- Associated Press - Monday, May 16, 2016

BISMARCK, N.D. (AP) - A multi-year study of walleye in the popular Lake Oahe fishery in the Dakotas is showing that anglers are not over-fishing the resource.

Crews are wrapping up a four-year effort to tag tens of thousands of walleye in the Missouri River reservoir to learn more about them.

Each of the metal jaw tags has an identifying fish number and a phone number. Anglers who catch tagged fish in the study area from the Garrison Dam in North Dakota to the Oahe Dam in South Dakota are asked to notify researchers in the two states.

The hope is to gain new information about how fish move, how long they live and what proportion of them are ending up on anglers’ hooks. This information can be used to improve the quality of the fishery.

Preliminary results have given biologists valuable information, including data on the percentage of catchable-size fish being caught, according to Paul Bailey, a district fisheries supervisor with North Dakota’s Game and Fish Department.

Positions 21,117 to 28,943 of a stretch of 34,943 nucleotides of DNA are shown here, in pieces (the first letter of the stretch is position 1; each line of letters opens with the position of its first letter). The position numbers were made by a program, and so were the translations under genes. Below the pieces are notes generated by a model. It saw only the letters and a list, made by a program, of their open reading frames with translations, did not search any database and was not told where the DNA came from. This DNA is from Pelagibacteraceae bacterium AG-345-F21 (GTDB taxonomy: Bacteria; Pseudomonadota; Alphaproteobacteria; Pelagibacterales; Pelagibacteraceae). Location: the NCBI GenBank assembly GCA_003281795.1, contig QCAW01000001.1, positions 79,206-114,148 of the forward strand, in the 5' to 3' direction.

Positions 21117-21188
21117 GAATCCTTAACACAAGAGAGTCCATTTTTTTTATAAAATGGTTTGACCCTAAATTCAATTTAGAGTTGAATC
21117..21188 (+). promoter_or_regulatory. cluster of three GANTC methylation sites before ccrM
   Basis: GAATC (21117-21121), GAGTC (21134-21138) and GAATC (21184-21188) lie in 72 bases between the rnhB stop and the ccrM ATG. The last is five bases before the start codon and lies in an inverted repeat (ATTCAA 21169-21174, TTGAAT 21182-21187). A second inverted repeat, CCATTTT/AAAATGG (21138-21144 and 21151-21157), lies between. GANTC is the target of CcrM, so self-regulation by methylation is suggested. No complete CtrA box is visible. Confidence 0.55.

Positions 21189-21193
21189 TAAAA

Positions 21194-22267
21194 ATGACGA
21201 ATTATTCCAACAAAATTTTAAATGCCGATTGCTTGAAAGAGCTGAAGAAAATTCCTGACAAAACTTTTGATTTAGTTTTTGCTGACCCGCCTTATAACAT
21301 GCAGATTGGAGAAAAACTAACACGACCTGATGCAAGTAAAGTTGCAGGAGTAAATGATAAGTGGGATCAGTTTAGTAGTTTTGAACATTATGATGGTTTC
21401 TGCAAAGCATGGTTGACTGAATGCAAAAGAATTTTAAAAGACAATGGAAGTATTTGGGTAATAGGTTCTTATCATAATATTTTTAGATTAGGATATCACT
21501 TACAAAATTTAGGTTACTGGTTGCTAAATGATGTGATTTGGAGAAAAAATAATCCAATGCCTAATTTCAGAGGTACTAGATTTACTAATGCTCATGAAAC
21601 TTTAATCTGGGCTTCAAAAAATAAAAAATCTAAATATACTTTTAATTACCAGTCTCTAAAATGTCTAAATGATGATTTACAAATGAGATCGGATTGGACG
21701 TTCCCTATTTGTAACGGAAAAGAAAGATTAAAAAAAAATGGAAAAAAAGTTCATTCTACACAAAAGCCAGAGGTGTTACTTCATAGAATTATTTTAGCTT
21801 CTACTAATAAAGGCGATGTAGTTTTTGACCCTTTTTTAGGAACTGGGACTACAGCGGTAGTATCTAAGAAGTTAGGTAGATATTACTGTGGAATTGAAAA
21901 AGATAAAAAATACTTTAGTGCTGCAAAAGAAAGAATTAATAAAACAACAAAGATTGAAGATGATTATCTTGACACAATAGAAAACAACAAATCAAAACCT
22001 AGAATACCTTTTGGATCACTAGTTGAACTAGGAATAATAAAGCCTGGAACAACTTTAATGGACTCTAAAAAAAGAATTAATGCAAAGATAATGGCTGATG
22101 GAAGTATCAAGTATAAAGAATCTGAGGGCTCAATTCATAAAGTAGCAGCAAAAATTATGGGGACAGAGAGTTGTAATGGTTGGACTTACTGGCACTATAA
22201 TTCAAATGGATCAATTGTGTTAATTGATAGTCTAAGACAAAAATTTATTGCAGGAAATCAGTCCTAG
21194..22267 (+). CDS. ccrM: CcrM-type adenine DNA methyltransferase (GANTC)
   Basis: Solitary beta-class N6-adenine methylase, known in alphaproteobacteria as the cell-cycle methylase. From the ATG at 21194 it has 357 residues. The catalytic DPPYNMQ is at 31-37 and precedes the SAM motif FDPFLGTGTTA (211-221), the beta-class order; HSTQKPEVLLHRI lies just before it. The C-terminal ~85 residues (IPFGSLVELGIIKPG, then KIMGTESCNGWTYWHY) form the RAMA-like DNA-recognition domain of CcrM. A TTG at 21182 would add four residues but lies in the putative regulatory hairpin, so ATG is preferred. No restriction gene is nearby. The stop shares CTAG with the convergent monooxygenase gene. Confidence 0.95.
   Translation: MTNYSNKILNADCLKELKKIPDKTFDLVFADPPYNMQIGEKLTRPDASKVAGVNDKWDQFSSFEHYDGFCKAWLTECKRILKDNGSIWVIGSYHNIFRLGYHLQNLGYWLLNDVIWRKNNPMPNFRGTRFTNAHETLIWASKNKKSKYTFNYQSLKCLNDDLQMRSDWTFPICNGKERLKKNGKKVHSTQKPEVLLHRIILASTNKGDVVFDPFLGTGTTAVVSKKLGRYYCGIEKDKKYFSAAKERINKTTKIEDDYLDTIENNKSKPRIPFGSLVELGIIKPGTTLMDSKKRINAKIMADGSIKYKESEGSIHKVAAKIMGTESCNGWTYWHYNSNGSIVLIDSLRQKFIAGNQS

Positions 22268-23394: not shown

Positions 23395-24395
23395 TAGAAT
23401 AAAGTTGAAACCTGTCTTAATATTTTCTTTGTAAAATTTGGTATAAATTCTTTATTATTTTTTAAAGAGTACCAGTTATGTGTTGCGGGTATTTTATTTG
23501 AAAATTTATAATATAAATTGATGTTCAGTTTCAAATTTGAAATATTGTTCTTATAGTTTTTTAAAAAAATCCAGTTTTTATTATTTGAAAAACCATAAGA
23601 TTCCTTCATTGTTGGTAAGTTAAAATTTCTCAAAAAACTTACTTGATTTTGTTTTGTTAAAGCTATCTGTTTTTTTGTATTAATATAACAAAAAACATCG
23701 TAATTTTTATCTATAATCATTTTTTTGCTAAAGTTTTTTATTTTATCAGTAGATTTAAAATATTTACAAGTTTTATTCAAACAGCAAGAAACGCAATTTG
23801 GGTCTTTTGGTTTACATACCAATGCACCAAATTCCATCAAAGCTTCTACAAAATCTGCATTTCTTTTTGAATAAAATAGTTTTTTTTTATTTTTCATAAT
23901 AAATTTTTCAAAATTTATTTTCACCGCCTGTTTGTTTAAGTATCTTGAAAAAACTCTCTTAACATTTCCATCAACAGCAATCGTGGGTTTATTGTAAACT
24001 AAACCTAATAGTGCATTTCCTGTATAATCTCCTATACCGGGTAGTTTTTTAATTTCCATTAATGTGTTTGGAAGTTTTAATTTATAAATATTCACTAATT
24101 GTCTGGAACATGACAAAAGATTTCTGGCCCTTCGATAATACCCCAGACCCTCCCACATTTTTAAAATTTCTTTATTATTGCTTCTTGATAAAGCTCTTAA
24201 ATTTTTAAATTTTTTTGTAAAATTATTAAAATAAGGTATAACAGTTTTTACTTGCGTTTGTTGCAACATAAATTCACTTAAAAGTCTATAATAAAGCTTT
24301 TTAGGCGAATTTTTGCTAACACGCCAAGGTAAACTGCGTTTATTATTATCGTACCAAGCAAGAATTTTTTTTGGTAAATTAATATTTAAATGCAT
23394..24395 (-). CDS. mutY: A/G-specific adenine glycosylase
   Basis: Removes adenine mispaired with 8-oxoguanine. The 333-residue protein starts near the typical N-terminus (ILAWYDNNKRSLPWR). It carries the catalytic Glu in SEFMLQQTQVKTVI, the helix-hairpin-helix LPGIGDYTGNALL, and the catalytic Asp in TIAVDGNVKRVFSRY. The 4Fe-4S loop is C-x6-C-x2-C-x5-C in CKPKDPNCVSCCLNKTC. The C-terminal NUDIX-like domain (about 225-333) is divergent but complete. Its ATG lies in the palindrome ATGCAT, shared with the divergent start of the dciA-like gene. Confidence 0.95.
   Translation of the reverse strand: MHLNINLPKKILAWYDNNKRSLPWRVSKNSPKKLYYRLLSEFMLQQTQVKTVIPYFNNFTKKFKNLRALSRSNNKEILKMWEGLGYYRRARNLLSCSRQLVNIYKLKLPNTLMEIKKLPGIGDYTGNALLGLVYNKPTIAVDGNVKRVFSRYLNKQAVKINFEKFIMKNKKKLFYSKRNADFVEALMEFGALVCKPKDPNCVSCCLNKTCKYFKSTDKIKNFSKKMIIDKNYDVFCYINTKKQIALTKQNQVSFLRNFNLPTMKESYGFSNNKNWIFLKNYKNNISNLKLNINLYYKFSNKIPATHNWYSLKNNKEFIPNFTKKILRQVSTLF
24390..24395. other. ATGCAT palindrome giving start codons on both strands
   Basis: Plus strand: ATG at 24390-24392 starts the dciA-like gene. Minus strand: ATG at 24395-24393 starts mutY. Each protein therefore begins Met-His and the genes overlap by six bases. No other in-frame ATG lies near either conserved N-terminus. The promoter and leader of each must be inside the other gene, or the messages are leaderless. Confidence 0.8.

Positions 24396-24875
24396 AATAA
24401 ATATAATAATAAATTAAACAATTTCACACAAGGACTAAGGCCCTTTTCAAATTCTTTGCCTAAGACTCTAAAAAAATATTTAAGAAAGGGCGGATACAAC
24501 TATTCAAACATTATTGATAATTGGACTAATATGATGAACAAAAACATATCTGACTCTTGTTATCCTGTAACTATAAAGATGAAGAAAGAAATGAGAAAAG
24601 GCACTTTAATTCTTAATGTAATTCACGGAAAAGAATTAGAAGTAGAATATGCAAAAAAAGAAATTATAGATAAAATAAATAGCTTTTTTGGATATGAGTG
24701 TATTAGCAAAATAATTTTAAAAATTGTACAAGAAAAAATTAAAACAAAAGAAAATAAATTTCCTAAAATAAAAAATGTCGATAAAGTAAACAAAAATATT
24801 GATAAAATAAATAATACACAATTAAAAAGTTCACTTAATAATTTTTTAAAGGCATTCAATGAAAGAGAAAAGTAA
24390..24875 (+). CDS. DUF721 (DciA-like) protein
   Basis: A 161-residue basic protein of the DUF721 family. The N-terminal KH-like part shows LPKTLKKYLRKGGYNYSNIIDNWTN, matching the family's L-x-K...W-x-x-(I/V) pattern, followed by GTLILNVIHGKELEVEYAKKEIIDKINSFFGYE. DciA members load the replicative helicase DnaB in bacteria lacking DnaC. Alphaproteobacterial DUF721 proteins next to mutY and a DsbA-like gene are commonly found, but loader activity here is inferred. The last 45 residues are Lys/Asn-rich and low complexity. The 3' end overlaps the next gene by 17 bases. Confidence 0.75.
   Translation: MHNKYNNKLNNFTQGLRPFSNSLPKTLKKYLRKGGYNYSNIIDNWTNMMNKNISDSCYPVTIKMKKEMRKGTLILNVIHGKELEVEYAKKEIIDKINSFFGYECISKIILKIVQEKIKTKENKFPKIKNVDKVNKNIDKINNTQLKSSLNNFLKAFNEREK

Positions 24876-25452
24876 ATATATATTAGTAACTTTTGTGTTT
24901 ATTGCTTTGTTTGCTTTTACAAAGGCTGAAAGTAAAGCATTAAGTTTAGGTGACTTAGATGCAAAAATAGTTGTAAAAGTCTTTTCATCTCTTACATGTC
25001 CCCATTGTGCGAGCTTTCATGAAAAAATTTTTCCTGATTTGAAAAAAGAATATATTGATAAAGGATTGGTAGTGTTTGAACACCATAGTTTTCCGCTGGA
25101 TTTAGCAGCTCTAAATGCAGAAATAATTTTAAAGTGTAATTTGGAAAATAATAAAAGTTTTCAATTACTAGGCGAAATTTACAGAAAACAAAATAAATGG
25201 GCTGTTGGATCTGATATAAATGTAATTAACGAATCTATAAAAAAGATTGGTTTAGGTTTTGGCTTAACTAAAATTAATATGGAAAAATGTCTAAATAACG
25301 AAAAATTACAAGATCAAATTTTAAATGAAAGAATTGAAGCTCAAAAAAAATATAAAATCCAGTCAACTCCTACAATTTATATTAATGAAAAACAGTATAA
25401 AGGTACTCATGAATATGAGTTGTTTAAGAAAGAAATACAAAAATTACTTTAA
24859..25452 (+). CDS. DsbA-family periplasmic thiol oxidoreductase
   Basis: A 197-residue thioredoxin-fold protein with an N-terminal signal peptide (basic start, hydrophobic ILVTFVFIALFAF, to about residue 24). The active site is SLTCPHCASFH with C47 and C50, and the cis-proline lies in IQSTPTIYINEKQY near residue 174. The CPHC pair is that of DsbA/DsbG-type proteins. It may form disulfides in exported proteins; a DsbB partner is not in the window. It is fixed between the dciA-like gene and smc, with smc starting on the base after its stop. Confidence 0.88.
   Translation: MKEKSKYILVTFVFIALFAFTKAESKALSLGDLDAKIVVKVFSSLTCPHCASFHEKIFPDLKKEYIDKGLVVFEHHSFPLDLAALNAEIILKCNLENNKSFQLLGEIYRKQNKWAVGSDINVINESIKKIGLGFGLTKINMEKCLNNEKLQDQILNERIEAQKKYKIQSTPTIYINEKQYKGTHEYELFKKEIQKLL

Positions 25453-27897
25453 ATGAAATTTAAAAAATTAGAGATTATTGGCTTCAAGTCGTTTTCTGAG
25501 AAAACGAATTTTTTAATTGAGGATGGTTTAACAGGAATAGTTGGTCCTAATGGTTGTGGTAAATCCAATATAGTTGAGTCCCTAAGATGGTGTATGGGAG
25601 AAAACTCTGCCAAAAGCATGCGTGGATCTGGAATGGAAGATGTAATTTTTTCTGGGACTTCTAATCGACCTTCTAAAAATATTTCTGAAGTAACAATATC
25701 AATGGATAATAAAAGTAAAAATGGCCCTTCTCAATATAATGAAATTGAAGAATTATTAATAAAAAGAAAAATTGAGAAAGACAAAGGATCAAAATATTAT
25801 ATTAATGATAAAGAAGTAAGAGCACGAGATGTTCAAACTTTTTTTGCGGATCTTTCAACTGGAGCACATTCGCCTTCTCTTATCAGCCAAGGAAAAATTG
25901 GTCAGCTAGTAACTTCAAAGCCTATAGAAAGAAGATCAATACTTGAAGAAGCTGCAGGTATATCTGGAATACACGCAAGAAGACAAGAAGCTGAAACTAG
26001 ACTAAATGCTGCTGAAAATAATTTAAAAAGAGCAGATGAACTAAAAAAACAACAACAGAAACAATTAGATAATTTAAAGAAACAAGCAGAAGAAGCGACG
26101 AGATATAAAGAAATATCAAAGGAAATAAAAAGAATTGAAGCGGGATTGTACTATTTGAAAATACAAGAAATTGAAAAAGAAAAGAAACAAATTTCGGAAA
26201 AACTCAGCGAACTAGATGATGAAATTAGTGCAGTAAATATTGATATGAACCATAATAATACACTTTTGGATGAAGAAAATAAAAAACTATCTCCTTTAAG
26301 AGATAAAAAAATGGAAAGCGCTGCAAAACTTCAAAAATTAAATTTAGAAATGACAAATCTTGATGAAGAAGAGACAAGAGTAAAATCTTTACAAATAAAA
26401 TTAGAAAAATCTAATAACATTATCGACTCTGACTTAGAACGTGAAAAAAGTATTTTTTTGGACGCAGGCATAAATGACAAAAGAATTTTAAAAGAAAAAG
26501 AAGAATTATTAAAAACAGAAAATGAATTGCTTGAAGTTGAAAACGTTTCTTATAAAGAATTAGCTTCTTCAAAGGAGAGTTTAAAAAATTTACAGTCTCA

“The angling mortality rate that we’ve seen in the first three years of the study has been about 17 to 27 percent, depending on the region of Lake Oahe and the Missouri River that we’re in,” he said. “Those are all acceptably low rates of mortality that basically says that anglers are not having a negative impact on the fishery.”

Angler mortality in comparable lakes in the region such as Sakakawea and Devils Lake also are in the 25 percent range, according to North Dakota Fisheries Chief Greg Power. Total walleye mortality in Oahe is about 35 to 40 percent, below the typical range in North America of 40 to 55 percent, he said.

“If we started to see total mortality in excess of 50 percent (in Oahe) for a few years, we would have concerns,” Power said. “Fortunately, that has not been an issue.”

The $500,000 study is being paid for through a tax on fishing and boating gear. It’s the first time agencies in the two states have collaborated on a study on Oahe.

Researchers have already started running computer models of the potential effects on Oahe walleye of various regulations and natural events such as declining prey fish, according to Mark Fincel, senior biologist with South Dakota’s Game, Fish and Parks Department. Officials will collect tag return data for another two years, he said.


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